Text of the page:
People are allowed by law to determine the fate of their property and possessions after their death or inability to manage it. This must come as a relief to people who have spent their lives building businesses, eager to pass it on to a new generation or beloved cause. One of the best ways to manage assets is a trust.
The predictability and security of a trust to protect assets and those who are meant to receive them does not last forever. All trusts end eventually, and understanding how that happens will help you attain your goals in setting one up.
The grantor - who owned property now in a trust - sets up a trust for a beneficiary, and the person or organization responsible for the property is called the trustee. The legal document that sets up and governs the trust is called the trust instrument, and legal representation for the grantor is often a smart step in understanding what can be dictated and for how long.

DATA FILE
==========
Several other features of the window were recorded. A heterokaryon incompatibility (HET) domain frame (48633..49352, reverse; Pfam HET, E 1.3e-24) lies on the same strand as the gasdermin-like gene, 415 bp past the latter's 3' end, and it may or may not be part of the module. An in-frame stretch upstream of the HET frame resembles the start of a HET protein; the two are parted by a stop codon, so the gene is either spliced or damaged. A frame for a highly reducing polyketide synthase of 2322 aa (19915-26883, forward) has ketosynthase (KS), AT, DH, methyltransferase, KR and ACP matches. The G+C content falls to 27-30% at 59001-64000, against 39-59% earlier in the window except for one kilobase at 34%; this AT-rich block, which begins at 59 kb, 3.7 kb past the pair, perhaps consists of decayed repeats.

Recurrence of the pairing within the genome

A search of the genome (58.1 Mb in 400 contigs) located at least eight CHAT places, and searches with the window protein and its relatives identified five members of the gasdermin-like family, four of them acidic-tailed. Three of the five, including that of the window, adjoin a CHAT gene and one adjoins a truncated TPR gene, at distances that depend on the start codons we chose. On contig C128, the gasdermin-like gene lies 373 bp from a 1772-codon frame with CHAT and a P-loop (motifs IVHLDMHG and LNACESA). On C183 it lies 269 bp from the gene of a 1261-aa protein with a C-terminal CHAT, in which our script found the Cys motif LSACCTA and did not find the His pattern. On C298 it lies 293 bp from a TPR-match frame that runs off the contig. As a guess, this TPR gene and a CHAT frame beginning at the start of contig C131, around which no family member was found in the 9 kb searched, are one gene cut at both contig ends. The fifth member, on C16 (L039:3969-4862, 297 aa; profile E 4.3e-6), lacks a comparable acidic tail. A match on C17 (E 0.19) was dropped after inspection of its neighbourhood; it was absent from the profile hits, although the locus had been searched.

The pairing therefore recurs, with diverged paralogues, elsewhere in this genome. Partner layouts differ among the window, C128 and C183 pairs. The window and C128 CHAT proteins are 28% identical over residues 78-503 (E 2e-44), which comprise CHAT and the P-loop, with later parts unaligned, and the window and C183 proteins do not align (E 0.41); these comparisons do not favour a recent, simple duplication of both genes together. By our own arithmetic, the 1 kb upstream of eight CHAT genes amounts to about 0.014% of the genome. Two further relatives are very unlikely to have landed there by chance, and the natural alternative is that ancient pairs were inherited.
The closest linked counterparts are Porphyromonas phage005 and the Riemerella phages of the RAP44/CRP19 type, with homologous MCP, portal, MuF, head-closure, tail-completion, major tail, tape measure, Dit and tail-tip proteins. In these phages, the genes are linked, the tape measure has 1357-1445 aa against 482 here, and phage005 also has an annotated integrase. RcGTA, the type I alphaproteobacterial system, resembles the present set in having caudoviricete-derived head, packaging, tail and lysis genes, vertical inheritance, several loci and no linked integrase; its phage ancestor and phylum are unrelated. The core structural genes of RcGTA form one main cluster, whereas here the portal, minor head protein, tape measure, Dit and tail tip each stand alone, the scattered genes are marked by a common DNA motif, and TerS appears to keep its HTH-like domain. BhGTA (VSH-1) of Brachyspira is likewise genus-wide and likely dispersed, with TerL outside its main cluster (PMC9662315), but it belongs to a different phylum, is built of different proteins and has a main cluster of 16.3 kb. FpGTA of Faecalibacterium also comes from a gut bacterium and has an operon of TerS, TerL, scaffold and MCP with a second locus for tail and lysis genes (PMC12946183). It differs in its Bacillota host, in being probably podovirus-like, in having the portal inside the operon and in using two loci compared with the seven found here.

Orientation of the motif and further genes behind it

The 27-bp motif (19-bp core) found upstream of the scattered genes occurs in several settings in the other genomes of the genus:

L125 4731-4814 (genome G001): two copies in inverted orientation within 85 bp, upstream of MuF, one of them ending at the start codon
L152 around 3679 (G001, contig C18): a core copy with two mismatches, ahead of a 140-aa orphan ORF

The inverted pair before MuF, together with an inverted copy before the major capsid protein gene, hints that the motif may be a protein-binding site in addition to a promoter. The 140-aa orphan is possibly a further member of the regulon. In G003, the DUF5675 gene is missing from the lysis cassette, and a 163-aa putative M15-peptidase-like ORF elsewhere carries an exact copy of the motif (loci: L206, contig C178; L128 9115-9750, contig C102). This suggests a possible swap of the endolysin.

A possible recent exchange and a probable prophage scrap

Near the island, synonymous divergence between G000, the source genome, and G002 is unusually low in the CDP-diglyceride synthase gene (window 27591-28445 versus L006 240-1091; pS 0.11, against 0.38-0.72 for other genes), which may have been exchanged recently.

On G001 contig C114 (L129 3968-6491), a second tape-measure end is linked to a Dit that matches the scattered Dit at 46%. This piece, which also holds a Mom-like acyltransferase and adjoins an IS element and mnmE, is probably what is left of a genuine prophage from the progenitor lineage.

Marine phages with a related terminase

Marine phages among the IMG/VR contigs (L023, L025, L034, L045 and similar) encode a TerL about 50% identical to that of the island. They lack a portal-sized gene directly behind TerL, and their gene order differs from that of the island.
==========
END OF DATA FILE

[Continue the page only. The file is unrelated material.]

Trusts can end when the property no longer exists under the trust. A common type of trust protects assets until a beneficiary is age 18; once that person has received the property, the trust will cease to exist. A trust that invests assets and pays an allowance off the interest may end when all capital and interest has been paid.
The clearest way to end a trust is when the grantor leaves instructions in the instrument on how and when it ends. The trustee can then prepare so distribute assets to the beneficiary. If there are no instructions, the trustee and beneficiary will have to work together to find a fair way to transfer assets.
Source: FindLaw, "How Does a Trust End?," accessed Sep. 19, 2017